Sounds like he could make a decent chunk of change just parting out salvaged Teslas instead of rebuilding them.

Rich is a business owner(salvage yard), so he makes more in selling parts in salvage cars than being a EV certified mechanic for Tesla (as a job).

The value of “sweat equity” varies quite a bit. Looks like when it comes to rebuilding cars, Rich’s sweat equity is worth quite a bit!

Not to sound like Karl Marx, but the value of this rebuilt car is worth much more than the cash value of $6500 that Rich invested.

and…he just burned it up…

Appears to be a prank.

Pics of burnt Tesla has black wheels.

Guru’s Tesla has silver wheels.

Unless he switched the wheels as the car was burning or replaced silver wheels with fire damaged black wheels after the fire this is a prank.

I looked frame by frame. They look silver just with some blackening. but still the it’s possible I suppose that the trailered on is a different vehicle and he is presenting it as a dream sequence thing with the voice over from the previous videos. Perhaps we will see his next video have only a slightly damaged Tesla?

If true it is tragic or it can be a ploy to gain views on YouTube.

Unfortunately, it looks real. The moral: don’t try to work on the car while it’s charging. (I mean, duh, seriously…)

It is a prank.

That is why there is no footage of the car actually on fire.

Just a smoke machine in the frunk

It already blew up

It did not.

“If you think you can do even better,”

I can build it for free, but I won’t bother. Since labor doesn’t count, I can spend the next 100 years mining and refining scrap rocks to get Al, Cu, Si, etc. and then next 100 years forming them to make S.

Everything of value has associated labor cost (aka, value). To ignore that pretty much makes “$6500” way too expensive.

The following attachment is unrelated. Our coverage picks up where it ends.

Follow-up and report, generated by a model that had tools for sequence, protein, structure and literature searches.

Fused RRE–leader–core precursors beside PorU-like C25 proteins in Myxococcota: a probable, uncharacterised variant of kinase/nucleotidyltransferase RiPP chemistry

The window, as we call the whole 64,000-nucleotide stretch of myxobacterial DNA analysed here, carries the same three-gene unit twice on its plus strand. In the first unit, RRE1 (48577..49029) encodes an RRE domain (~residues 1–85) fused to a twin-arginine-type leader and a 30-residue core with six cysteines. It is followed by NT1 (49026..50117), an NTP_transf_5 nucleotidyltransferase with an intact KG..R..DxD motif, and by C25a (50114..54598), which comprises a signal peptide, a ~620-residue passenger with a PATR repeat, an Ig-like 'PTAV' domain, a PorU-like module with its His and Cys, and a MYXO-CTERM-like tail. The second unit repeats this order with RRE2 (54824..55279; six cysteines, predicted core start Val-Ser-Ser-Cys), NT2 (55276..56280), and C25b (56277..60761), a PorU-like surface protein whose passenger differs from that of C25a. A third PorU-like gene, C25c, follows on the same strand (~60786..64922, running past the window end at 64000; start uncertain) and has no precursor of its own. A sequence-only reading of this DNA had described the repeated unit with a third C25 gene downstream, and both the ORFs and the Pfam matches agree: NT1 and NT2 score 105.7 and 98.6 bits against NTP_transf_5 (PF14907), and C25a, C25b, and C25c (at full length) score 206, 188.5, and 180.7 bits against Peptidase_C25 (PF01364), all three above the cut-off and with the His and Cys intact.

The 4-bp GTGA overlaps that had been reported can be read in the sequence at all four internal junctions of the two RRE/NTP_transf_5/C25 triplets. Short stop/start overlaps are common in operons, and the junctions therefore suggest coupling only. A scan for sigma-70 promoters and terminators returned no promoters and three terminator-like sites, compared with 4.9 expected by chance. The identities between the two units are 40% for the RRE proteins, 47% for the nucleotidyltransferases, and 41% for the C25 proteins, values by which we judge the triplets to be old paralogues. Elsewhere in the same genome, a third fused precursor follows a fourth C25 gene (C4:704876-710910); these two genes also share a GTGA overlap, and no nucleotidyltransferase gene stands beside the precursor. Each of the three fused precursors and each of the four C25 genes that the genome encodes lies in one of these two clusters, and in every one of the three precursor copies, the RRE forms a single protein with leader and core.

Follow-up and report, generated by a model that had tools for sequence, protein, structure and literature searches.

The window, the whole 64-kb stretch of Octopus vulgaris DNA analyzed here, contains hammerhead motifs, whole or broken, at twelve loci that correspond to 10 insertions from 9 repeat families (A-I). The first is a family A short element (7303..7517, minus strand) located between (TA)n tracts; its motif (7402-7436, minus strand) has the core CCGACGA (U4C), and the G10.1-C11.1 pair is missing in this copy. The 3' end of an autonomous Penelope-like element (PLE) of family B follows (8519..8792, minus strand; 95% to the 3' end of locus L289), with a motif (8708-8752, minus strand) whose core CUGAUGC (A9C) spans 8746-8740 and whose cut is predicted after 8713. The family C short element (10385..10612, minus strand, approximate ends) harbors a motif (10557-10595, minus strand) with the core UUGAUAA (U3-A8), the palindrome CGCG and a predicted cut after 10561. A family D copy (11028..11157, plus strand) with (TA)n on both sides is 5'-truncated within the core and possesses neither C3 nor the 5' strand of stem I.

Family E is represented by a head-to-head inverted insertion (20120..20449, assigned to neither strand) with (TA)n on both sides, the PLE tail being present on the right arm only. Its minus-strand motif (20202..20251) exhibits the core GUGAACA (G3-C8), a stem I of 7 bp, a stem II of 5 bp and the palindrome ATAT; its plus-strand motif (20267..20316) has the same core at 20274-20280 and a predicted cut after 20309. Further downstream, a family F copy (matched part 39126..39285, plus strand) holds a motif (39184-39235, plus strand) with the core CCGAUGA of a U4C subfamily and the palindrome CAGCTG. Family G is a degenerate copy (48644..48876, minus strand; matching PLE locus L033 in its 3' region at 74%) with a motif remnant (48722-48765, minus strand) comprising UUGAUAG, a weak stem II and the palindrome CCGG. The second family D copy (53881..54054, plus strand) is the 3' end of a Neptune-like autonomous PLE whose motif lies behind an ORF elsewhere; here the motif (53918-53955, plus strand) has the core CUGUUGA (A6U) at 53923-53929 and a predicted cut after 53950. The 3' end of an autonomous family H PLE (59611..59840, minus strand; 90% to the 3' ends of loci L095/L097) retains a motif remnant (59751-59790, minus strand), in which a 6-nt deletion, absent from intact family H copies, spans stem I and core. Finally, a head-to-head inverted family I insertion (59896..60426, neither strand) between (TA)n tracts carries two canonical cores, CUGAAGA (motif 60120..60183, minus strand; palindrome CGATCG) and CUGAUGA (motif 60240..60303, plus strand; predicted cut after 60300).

His explanation is that the labor/tinkering is his hobby. Many people waste time on hobbies with no appreciable benefits.

Exactly, you missed the point SparkEV. His hobby + $6500 in costs resulted in a Tesla Model S.

Daftest post EVer. Trolling?

Someone posted this whole thing in another thread and I went and watched the whole series of videos. Thanks whoever that was. Comments on his process.
1. Interesting.
2. Foolish
3. Dangerous…how many different ways could he have gotten killed?

you fail to understand… all those things are not accidents 😀

he is daft, crazy and more then a little odd.

(his editor)

By the way the whole series on this car is way over an hour long. I believe it’s a 5 part series.

I wanted to know the details on the battery salvage. Apparently some of the modules were OK and he sold them. How can some get wet and not others???

I quickly went thru the videos but didn’t see the part where he got into the details of disassembling the pack……just some general footage in the main video.

Anyone know where the detailed battery teardown is buried in these videos??

Who spends $3000 on a non-functioning motor?

That’s my #1 question regarding this article, too! WTF? Are the parts alone in a Tesla motor really worth that much? Or is someone going to rebuild it and sell it at a profit?

Since Tesla does not sell parts, the market for some parts may dictate the high prices. Now that there are 100k+ Teslas, he has a good market niche.

Just a hunch, but it may have been Jason Hughes (wk057). I know he was active in discussions with the “Car Guru” early on in his adventure. He’s in the process of building a high power monster, using 2 volt batteries and model S drive units.

This guy is amazing, but he must get rid of his gas guzzling corvette LOL

I really want one and if you would be willing to fix me up with one rich. That would be great.
Please contact me